his career with Challenge Company, where he remained until his
sudden and untimely death on April 25, 1903 which occurred on a
business trip to Aurora. At that time not only was Thomas Snow the
president of the Challenge Company, he was mayor of Batavia,
president of the East Batavia school board and president of the
First National Bank of Batavia. He was proprietor of the W. H.
Howell Company of Geneva, Illinois and the Snow Manufacturing
Company of Chicago.
On January 8, 1878, he was married to Mary Thomle of Batavia.
From this marriage Thomas was blessed with five children. Two died
in early childhood. At the time of his death Thomas was survived by
his father, his wife, and three sons, Thomas A., Frank C. and
At the time of his father’s death, Thomas A. stepped in as
president of the Challenge Company with his brother Frank holding
the position of secretary, and Albert as treasurer. Thomas also
served, as his father had, as mayor of Batavia from 1907 to 1909.
In 1917 Frank became president of Challenge and remained in office
until he sold the business to Batavia Metal Products Company on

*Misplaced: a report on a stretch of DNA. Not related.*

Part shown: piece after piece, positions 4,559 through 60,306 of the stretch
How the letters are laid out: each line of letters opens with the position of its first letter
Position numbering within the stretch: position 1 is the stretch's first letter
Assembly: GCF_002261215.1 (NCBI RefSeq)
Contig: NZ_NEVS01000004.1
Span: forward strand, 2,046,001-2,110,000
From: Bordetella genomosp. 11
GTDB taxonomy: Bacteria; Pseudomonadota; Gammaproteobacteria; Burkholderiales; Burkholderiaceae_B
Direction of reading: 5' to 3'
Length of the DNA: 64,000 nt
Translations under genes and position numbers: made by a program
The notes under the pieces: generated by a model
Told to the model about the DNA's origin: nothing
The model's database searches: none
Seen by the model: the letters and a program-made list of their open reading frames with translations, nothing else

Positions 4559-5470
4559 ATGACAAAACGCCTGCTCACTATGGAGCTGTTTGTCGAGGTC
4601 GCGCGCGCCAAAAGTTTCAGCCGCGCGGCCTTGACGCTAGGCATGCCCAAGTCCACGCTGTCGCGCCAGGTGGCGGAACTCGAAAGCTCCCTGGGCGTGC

April 6, 1945 for $325,000.00.
I do not know when the company officially changed from Challenge
Windmill & Feedmill Company to Challenge Company, but from the
newspaper ads it appears to have been in the spring of 1905. This
might be a good time to explain that the Batavia Metal Products
Company, which bought Challenge in 1945, only lasted a few years
and was declared insolvent by its creditors and a referee in
bankruptcy was appointed. Sometime between this and the sale by the
courts, all machinery and inventory was auctioned off, and all the
records and wood patterns are said to have been burned before the
sale. This makes research on the company extremely difficult.
In January of 1901, L. P. Barker & Son completed two new
buildings for the Challenge Company. One of these was to house the
gas engine department. My friend, Tom Campbell, of Zion, Illinois
who collects data on collectors with Challenge engines, informs me
of a 5 HP Challenge serial #39 which was patented November 6, 1900
and installed December 1902. This is the oldest one I know of and
it causes me to feel that Challenge did not manufacture engines
under their name much earlier. I believe these first engines were
tanked cooled, followed by hopper cooled engines the hoppers having
three different shapes over the years and a separate design on the
1 HP and the 1 HP solid flywheel type. Most engines were green with
some of the earlier ones being maroon or red and one style 1 HP
being black. I’m told by Clarence Carlson, who was a gas engine
inspector at Challenge during World War I, that at that time all
engines were green with white or gold stripes and had square
hoppers. He also told me that they then made 1-2-3-5-8 HP engines